Detroit – It's been a big couple months for J.K. Simmons. First an Oscar, then he throws out the first pitch at Comerica Park.

OK, so they really don't compare. Or, do they?

"Honestly, I was a little more nervous jogging out to the mound than I was walking up on to the stage at the Dolby Theatre," Simmons said Monday afternoon, before heading up to watch the opener against the Twins in a suite. "So that'll give you some perspective there."

Simmons, 60, has been a longtime Tigers fan, having grown up in Grosse Pointe. He enjoyed the 1968 and 1984 champions, but also the forgettable teams, too.

So that'll explain the nerves.

As for the first pitch, he did just fine. Caught the corner, apparently, though not much heat. Simmons saved the heat for his one-liner.

"Country Joe (West) said it was a strike," Simmons said of the longtime umpire, who has his fair share of critics. "Although I'm not sure he's the most reliable judge."

Things are good these days for Simmons, whose film resume is a mile long. In February, he won the Best Supporting Actor for his role as an intense music instructor in "Whiplash." He then drew lots of headlines for his inspirational acceptance speech about family.

It wasn't that long ago that you recognized Simmons, but maybe didn't know his name.

Like when he played manager Frank Perry in "For Love of the Game," the baseball classic in which Kevin Costner plays aging Tigers pitcher Billy Chapel.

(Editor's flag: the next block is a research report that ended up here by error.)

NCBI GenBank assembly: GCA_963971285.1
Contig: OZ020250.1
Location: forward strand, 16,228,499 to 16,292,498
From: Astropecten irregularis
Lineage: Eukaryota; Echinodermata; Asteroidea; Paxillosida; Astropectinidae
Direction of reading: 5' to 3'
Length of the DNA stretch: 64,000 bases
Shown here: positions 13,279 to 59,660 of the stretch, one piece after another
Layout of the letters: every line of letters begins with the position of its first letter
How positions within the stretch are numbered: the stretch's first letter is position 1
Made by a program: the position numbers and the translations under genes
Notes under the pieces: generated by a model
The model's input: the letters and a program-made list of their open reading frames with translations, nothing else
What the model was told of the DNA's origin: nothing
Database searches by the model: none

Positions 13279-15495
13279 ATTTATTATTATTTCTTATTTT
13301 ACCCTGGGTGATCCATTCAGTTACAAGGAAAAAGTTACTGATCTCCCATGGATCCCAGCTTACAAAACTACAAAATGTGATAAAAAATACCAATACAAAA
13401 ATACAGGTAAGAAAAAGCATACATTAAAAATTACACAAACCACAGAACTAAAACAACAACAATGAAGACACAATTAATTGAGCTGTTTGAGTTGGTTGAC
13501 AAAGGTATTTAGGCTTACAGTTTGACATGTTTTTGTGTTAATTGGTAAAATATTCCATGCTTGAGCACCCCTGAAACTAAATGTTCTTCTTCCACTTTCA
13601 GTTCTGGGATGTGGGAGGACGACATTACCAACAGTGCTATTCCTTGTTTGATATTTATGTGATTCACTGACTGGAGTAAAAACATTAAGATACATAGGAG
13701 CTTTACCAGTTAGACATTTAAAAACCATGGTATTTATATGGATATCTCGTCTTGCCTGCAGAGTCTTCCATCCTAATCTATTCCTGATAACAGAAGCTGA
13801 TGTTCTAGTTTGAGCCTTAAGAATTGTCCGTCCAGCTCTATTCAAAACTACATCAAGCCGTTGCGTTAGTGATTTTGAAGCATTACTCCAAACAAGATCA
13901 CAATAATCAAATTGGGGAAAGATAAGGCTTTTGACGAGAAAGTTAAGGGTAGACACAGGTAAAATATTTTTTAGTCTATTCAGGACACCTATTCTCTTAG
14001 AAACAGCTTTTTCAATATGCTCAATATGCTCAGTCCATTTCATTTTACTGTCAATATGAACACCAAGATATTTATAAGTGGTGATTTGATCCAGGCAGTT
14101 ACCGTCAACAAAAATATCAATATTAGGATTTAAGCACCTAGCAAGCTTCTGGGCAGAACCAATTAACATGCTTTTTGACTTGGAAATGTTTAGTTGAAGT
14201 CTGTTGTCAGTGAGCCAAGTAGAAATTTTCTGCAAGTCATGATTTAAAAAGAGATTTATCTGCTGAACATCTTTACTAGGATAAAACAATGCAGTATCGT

Now, they didn't make the team the Tigers because of you, did they, J.K.?

"I wish that was the case," he said with a smile. "The book, 'For Love of the Game,' was written about the Tigers and that character Billy Chapel and Frank Perry that I played. Sam Raimi, who's a Detroit guy, was the director. I didn't even know that. When I went to audition for the movie, I wore my Tigers jersey and Tigers cap like an idiot 9-year-old. 'Can I be in the movie?' It worked out pretty well.

"The only thing that would've been better is if I would've played the center fielder in that movie instead of the manager, but I guess the center fielder didn't have as many lines."

Simmons, also known for his roles in "Law & Order" and Raimi's "Spider-Man" trilogy among many, many others, had a ball Monday.

He warmed up for his first pitch in the underbelly of Comerica Park, then got to hang in the Tigers' dugout and chat with manager Brad Ausmus. After the game, a 4-0 Tigers victory, Simmons strolled into the Tigers' locker room with a smile.

The discussion with Ausmus, by the way, mostly about baseball.

"We talked about the team and about the game, about JV (Justin Verlander) and the bullpen. Whether Victor (Martinez) and Miggy (Miguel Cabrera) feel like they had enough swings this spring," Simmons said. "When I'm there with the baseball guys, baseball is what I want to talk about. Baseball or family, that's what the chat is usually about."

For the record, he says he's not worried about Detroit's bullpen. He said it with a straight face.

Man, the guy sure can act.


The Four Tops warm up for national anthem with Oscar award winning actor J.K. Simmons at Opening Day Robin Buckson​